link reciprocity

hyperlinks are becoming a currency in the digital age, but one limited to those with the power to create and destroy them.

i went to a friend’s web site recently (URL withheld to protect the "innocent"), and noticed that the link to my home page had dropped off his blogroll. what??? dropped me from the secondary navigation? had i slighted this friend in some unbeknownst way? was some kind of digital payback going on? granted, it was kind of petty of me to care in the first place, but hey, links matter if you want people to read your site. and why would i write on the web if i didn’t also hope that people would read?

it then occurred to me that links have become a form of currency. i’m probably not the first to say this. in fact, i’m probably about the 10,000th. but links matter to people.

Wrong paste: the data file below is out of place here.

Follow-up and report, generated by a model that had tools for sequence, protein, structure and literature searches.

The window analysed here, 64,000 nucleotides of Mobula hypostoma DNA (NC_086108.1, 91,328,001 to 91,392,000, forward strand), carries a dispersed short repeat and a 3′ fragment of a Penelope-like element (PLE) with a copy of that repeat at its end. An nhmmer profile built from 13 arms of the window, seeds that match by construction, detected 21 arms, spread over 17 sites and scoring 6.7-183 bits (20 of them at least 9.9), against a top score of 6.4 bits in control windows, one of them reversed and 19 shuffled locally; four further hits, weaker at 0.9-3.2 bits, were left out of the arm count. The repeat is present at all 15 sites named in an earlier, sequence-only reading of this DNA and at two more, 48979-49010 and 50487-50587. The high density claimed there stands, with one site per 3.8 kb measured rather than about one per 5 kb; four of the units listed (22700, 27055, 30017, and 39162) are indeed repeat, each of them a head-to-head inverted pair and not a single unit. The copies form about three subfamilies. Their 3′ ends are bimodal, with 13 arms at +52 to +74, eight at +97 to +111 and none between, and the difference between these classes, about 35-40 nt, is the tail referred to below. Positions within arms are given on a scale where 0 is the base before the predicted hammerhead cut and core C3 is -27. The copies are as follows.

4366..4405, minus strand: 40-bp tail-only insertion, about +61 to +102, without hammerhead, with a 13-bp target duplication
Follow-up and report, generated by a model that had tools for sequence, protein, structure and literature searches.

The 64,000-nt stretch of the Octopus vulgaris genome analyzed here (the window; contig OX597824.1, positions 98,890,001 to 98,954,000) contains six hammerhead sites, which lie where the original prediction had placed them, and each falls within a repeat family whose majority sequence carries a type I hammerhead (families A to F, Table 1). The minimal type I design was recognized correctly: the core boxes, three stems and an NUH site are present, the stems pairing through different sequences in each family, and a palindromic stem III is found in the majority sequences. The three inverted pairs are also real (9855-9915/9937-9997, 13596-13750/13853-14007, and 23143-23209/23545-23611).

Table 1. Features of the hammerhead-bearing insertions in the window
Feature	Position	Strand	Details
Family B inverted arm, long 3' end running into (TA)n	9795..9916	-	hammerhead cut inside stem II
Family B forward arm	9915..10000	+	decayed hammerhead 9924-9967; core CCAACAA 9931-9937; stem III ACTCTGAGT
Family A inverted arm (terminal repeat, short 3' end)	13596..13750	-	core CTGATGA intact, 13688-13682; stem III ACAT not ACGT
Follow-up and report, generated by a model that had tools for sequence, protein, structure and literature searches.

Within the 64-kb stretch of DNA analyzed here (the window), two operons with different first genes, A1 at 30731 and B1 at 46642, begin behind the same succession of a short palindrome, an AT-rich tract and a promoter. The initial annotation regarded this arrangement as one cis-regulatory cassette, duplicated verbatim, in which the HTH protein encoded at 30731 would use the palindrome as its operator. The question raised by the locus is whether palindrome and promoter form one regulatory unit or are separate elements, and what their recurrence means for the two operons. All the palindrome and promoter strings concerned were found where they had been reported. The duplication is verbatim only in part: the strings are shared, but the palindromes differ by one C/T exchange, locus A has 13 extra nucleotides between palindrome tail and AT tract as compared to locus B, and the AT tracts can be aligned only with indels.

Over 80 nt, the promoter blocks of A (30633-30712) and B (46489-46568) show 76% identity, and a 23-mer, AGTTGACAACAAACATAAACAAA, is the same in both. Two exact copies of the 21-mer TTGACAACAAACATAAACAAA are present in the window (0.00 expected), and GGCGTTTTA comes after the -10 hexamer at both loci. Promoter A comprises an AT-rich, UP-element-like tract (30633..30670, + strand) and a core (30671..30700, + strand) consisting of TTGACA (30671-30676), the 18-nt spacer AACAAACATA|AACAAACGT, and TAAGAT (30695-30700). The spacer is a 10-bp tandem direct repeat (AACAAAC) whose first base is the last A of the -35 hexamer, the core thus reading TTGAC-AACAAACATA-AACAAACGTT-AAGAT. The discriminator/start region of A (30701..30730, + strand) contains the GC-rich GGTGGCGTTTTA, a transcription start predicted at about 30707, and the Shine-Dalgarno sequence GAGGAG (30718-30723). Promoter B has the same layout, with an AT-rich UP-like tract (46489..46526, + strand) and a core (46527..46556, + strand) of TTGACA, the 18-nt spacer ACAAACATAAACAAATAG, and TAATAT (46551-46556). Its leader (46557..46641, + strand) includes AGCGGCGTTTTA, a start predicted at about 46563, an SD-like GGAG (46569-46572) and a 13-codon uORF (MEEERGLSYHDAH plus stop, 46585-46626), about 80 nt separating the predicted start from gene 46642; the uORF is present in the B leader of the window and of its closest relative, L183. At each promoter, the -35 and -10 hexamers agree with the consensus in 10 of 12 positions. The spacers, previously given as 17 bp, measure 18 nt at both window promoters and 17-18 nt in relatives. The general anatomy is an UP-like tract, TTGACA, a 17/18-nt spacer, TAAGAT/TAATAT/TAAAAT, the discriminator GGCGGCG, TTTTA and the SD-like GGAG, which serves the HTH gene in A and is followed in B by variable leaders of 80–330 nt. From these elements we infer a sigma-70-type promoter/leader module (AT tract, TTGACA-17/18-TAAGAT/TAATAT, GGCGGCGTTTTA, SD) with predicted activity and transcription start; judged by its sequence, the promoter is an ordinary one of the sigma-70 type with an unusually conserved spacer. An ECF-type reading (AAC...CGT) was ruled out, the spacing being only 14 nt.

link reciprocity is a term i’ll use to describe the you-link-to-me-i’ll-link-to-you phenomenon. i’m sure someone else has thought of that one too [pause—google search—ok, yeah, here is another blog about the exact same damn thing].

that guy i just linked already thought about it and wrote a lot on this topic. i’m not gonna write any more. you get the point. 😉

ps: do you think he’ll link to my site because i just cited him?

pps: he mentions in his intro that this phenomenon is not new. it has been happening in academia for years. of course, i should have realized this, since it used to happen to me all the time when i was in that world.

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